Cash 1 Blog

Financial Tips & Guides
Rolling over loans will cost you more in the long run

Avoid Rolling Over Loans

Updated on April 20, 2021


Payday loans provide short-term financial assistance to those who are struggling to cover expenses month to month. To receive a cash advance, an applicant has to post-date his or her next paycheck as payment for the loan and any transaction charges.

In states that permit this practice, payday lenders allow clients to rollover their loan if they won't be able to live off of their reduced income. While this is beneficial to consumers, it can end up costing them much more money in the end.

The annual percentage rate (APR) on a loan is calculated by how many payment periods are in a given year. When a borrower takes money without paying off the initial cost, the APR rises continually until all debts are paid. If a repeat applicant does not budget his or her funds properly, he or she can be caught in a debt trap with little recourse or escape.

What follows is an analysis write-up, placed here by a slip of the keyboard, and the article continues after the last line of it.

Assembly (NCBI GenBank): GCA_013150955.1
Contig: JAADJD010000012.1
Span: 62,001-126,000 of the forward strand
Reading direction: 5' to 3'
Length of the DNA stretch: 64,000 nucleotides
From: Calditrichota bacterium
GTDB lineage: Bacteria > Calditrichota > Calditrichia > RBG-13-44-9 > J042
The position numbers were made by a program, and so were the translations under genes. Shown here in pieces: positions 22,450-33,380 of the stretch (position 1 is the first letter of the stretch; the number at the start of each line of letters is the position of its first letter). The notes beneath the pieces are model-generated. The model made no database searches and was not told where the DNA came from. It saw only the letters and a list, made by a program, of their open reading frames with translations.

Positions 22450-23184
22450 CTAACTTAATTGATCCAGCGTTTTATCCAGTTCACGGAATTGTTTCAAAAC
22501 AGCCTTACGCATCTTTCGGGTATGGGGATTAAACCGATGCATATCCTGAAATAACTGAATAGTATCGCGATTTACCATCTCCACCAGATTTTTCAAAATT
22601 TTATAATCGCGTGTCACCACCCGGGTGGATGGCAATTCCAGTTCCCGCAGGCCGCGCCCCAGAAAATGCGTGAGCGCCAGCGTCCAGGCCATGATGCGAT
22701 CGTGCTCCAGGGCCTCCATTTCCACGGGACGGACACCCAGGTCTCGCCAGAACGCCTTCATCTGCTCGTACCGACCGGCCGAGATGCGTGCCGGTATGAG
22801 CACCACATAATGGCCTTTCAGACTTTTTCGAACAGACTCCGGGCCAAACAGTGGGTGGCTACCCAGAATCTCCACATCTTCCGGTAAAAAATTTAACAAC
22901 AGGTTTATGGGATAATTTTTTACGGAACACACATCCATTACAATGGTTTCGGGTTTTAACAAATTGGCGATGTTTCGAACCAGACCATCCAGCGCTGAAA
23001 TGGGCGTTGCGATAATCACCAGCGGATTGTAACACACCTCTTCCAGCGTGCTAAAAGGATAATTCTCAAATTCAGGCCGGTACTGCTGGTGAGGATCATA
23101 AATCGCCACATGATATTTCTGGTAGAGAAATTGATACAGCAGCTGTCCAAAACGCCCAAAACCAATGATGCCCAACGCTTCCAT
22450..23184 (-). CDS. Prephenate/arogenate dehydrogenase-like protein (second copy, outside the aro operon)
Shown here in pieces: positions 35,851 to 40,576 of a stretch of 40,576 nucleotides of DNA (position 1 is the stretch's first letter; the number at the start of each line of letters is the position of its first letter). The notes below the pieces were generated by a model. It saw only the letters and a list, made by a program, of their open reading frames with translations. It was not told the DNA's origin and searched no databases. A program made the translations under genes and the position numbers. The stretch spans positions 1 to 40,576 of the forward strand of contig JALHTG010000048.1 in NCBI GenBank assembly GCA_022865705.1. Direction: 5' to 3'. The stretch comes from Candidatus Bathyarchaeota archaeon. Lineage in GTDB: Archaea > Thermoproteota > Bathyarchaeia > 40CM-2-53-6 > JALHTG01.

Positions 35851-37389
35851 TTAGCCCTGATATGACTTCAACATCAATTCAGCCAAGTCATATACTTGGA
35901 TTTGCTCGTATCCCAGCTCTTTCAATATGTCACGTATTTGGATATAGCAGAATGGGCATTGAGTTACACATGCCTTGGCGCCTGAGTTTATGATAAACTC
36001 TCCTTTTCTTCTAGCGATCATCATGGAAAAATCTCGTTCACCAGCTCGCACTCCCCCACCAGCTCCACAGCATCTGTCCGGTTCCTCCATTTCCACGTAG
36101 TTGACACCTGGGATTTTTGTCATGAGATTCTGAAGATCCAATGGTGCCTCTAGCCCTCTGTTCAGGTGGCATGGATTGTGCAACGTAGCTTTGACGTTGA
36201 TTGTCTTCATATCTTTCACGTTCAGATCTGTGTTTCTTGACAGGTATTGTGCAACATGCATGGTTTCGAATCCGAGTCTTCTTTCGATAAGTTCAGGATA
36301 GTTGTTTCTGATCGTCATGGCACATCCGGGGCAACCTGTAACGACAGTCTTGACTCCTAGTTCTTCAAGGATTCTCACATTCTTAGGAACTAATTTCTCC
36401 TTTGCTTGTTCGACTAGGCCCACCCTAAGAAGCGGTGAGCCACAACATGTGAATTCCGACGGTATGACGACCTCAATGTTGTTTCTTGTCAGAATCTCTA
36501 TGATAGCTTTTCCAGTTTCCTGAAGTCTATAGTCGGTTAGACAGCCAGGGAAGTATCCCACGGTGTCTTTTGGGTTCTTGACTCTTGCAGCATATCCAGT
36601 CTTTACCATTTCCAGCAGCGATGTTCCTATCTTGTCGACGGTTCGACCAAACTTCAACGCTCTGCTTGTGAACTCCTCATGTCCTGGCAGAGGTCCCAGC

That's why it's important to understand all the fees and charges associated with payday loans. At CASH 1, we explain the APR and how much it'll cost you to take out loans before paying off previous bills.

Photograph of author Joseph Priebe

Joseph Priebe

Joseph Priebe takes pride in assisting audiences with his articles to help them make sound financial decisions.

With over ten years of experience writing financial content his goal at CASH 1 has always been creating engaging and easy-to-digest information for anyone searching for immediate or long-term monetary solutions.

When Joseph is not writing about personal finance, you can find him photographing the Southwest United States with his 4x5 Graflex Crown Graphic camera. He is based in Phoenix, Arizona.